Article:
The image display size is an important parameter. When you trace an anatomic structure, the magnification of the image on which you are tracing will have an effect on the precision with which the digitization is saved--bigger images produce greater precision because the traces are digitized in units of display pixels at the time the trace is created (or most recently modified). Consequently, it is important to choose a particular magnification that is appropriate for a given structure and use it consistently across subjects.
If you magnify an image to a size that is too large to be completely displayed, you can use the scroll bars to move the display area around. Alternatively, you can drag the lower right hand corner of the main window to make the window larger.
Important note:The true magnification is not necessarily exactly equal to the magnification that you specify--the actual magnification is chosen to give a new image size in whole voxels. This means that the magnification of the display's x and y axes may be slightly different from one another. To review the size of the voxels in the main display, press down the "Voxels" menu. The dimensions of the current display (in voxels), the sizes of those voxels, and the field of view (FOV) are shown in the menu.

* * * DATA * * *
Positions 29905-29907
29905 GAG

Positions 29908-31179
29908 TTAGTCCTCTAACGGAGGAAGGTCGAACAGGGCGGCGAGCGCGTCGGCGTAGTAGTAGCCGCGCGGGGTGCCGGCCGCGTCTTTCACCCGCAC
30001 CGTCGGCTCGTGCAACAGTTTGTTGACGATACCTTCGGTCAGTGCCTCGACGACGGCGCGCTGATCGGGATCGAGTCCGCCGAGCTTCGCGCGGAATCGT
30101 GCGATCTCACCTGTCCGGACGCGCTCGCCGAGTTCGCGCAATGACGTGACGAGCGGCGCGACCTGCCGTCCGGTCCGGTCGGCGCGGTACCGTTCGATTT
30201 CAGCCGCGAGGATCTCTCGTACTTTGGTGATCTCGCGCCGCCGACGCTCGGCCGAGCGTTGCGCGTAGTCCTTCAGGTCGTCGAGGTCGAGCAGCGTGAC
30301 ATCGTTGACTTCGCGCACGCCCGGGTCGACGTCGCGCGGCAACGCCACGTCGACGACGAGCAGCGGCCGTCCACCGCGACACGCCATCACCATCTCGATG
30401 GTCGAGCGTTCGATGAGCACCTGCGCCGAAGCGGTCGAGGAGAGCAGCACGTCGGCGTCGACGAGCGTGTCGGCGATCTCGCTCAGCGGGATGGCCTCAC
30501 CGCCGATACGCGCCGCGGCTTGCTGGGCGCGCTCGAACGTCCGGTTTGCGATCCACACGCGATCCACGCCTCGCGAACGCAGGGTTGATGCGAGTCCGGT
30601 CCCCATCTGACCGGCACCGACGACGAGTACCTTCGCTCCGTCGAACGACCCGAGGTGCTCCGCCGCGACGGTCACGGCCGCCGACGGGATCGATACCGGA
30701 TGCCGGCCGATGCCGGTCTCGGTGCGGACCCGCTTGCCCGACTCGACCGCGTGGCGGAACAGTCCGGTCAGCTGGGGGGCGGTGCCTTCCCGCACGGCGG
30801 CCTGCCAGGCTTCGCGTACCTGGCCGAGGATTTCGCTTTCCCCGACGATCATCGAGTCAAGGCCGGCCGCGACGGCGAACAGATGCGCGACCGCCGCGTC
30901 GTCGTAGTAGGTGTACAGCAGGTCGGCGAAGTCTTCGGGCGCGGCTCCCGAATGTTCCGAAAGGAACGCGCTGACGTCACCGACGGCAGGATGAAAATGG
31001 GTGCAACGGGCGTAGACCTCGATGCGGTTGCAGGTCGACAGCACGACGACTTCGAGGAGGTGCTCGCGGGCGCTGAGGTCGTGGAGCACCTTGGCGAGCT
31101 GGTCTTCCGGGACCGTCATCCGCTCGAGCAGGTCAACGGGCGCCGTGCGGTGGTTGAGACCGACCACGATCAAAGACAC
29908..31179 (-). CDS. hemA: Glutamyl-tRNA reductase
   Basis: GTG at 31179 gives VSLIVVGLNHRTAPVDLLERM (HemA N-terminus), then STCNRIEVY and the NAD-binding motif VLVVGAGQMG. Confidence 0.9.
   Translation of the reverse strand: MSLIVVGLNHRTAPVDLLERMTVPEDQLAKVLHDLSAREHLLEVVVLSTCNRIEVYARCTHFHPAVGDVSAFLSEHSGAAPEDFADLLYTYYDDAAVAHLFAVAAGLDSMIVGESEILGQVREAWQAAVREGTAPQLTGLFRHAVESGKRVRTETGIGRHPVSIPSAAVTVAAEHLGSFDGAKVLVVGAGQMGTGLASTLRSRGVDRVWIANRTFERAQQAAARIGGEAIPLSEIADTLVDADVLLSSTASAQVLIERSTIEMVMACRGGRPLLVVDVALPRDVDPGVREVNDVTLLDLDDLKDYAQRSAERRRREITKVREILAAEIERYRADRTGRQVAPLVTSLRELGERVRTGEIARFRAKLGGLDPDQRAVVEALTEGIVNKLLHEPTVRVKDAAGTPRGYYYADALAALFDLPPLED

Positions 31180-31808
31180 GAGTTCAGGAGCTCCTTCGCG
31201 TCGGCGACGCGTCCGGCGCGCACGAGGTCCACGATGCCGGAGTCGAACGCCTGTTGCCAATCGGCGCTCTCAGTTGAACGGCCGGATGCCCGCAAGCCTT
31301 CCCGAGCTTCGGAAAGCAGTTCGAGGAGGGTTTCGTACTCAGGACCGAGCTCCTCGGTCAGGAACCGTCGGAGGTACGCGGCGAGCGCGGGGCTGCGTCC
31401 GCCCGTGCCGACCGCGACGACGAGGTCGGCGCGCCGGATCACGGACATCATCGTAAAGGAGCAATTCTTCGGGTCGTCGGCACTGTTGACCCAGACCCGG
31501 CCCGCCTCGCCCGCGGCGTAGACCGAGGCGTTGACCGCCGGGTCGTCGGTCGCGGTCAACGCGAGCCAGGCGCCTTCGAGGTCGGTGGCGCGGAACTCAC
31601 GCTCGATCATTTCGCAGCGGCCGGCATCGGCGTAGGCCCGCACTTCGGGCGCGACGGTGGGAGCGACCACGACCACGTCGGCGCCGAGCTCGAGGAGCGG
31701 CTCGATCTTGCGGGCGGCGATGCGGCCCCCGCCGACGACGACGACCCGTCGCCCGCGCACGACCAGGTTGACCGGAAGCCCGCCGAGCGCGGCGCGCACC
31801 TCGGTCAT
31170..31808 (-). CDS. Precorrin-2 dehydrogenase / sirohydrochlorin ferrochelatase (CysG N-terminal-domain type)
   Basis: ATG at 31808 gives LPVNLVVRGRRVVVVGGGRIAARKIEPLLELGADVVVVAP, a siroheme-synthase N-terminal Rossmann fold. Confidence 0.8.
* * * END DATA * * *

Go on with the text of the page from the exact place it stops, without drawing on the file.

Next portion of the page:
The magnifications of the images in the orthogonal windows are controlled separately
To change the magnification of an orthogonal view window:
Note that making the orthogonal view too large can lead to slow performance when the orthogonal views are updated
Modified: August 26, 2012